The Street Outreach and Advocacy Program (SOAP) of Fairbanks Counseling and Adoption (FCA) is proud to present Alice in the Underground, a fundraiser play about the realities of life for at-risk and homeless teens in Fairbanks. Teens at the downtown drop-in center worked with local theater professionals to create the play, resulting in a unique retelling of Lewis Carroll’s classic tale.
The show runs May 7th, 8th, 14th, and 15th at the Empress Theater downtown in the Co-op Building on Second Avenue. All performances are at 7:30 and tickets are $20 for general admission; $15 for students, seniors, and military; and Free for youth under 18.
Kentucky Derby party brings new members to Alaskans Together
On Saturday May 1, ATE held a Kentucky Derby Fundraiser in Fairbanks. We had about 30 people, raised $607 and signed up several new members. Everyone had a lot of fun. More fundraisers for Alaskans Together are being planned for Anchorage and Juneau this year, and we’ll let you know about them as soon as we have the details.
LuLu Small and the Small Band 5/14 & 5/15 in the Interior
Dance to Alaska’s premiere all-woman all-rock-&-roll band in Fairbanks and North Pole. The Lulu Small Band (Lulu, Marilyn, Merley) with special guest Trish Ham perform in the Interior: Friday, May 14 at The Marlin (non-smoking) in Fairbanks, and Saturday May 15 at The Badger Den in North Pole.
Run/Walk with Anchorage Frontrunners every Tuesday, 6:00 p.m.
Anchorage Frontrunners are starting to meet again officially this week. Some of us started a few weeks ago, but we usually run May through October. Tuesdays 6:00p.m. meet at Westchester Lagoon. A nice group of happy runners. Email Peter or check the Anchorage Frontrunners site.
Prom for Queer Teens, Guideline of Rights for LGBT Youth
The ACLU receives calls every year from students all over the country who have been told they cannot attend prom with their partners of choice or cannot dress in non-traditional gender clothing. In response, they posted a letter to principals and superintendents that students can use if their school tries to stop them from bringing a same-sex date to the Prom, and a letter for girl students who are being prevented from wearing a tuxedo to school dances. The letters and other resources are available at the ACLU’s Prom Resources for LGBT Students.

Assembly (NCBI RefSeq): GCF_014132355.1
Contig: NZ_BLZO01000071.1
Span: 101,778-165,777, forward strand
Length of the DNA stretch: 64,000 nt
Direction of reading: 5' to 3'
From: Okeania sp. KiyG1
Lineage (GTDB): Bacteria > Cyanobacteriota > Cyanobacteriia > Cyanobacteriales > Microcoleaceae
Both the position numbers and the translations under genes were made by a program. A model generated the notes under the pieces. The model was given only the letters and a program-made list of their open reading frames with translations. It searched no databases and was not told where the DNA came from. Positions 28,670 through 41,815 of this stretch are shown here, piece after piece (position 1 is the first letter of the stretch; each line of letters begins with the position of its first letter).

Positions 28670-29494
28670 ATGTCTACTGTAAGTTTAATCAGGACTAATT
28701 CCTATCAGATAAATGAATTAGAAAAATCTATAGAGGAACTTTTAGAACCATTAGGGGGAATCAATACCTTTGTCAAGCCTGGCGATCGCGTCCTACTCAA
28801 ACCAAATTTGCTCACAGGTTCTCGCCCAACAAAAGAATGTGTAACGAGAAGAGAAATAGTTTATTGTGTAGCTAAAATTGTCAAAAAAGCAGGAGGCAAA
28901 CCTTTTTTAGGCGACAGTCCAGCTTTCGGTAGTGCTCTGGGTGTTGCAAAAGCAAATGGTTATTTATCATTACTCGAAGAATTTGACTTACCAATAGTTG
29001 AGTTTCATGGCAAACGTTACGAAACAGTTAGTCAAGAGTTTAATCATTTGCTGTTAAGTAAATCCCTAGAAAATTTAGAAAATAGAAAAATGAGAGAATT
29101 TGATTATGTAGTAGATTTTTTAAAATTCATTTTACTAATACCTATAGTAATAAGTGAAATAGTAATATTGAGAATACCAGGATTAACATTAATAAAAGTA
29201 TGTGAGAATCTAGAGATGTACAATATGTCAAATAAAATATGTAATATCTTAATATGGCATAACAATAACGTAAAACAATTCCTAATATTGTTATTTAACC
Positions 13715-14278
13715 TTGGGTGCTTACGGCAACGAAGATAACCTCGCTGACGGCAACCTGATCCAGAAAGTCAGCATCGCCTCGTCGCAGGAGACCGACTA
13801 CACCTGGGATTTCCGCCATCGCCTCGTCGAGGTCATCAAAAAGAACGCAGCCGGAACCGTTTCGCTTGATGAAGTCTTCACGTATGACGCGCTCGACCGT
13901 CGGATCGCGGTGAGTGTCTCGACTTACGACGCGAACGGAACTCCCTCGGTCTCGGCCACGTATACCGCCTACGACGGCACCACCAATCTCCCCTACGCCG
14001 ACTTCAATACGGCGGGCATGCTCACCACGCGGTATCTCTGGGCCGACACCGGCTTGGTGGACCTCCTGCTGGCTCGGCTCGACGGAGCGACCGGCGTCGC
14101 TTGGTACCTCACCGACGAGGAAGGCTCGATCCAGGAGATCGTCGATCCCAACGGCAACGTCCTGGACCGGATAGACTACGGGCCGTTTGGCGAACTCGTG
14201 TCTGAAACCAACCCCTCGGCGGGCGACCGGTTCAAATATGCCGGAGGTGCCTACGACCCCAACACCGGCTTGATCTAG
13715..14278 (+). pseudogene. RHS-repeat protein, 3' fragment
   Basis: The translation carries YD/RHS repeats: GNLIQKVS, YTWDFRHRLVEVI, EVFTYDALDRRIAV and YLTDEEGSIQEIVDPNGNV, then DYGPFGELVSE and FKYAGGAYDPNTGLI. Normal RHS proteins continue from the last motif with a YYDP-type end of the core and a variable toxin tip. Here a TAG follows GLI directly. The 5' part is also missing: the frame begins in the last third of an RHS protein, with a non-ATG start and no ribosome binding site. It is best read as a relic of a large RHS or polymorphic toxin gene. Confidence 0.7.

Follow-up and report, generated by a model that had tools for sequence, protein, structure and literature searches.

Veterans from across the nation will meet with members of Congress to demand repeal of the military gay ban on “Veterans Lobby Day on Don’t Ask/Don’t Tell” May 10-11. Alaskans Together for Equality has joined the coalition and is looking for LGBT service members and veterans in Alaska.
Nearly 14,000 Americans have been abruptly fired from the U.S. military because of Don’t Ask/Don’t Tell – including more than 800 mission critical specialists, and Jene Newsome, an Alaskan stationed in South Dakota.
Alaskans Together is looking for other LGBT service members and veterans in Alaska willing to talk to the media. If you are able to join this effort, please Email Tim Stallard.
The national Veterans Lobby Day on DADT will bring hundreds of gay and lesbian veterans and their straight veteran allies to Washington with the support of a pro-repeal and pro-military coalition. They will demand to have the DADT repeal attached to the Defense Authorization bill. Supporters back home are encouraged to call their members of Congress on Veterans Lobby Day.
The video for Veterans Lobby Day on DADT:
Both the House and Senate Armed Services Committees are expected to markup the Defense Authorization bill in May. The Servicemembers Legal Defense Network (SLDN) writes:
“We are urging the President to include repeal in the Administration’s defense budget recommendations, but also to voice his support as we work to muster the 15 critical votes needed on the Senate Armed Services Committee to include repeal. The Defense Authorization bill represents the best legislative vehicle to bring repeal to the president’s desk. It also was the same vehicle used to pass DADT in 1993. By working together, we can help build momentum to get the votes!”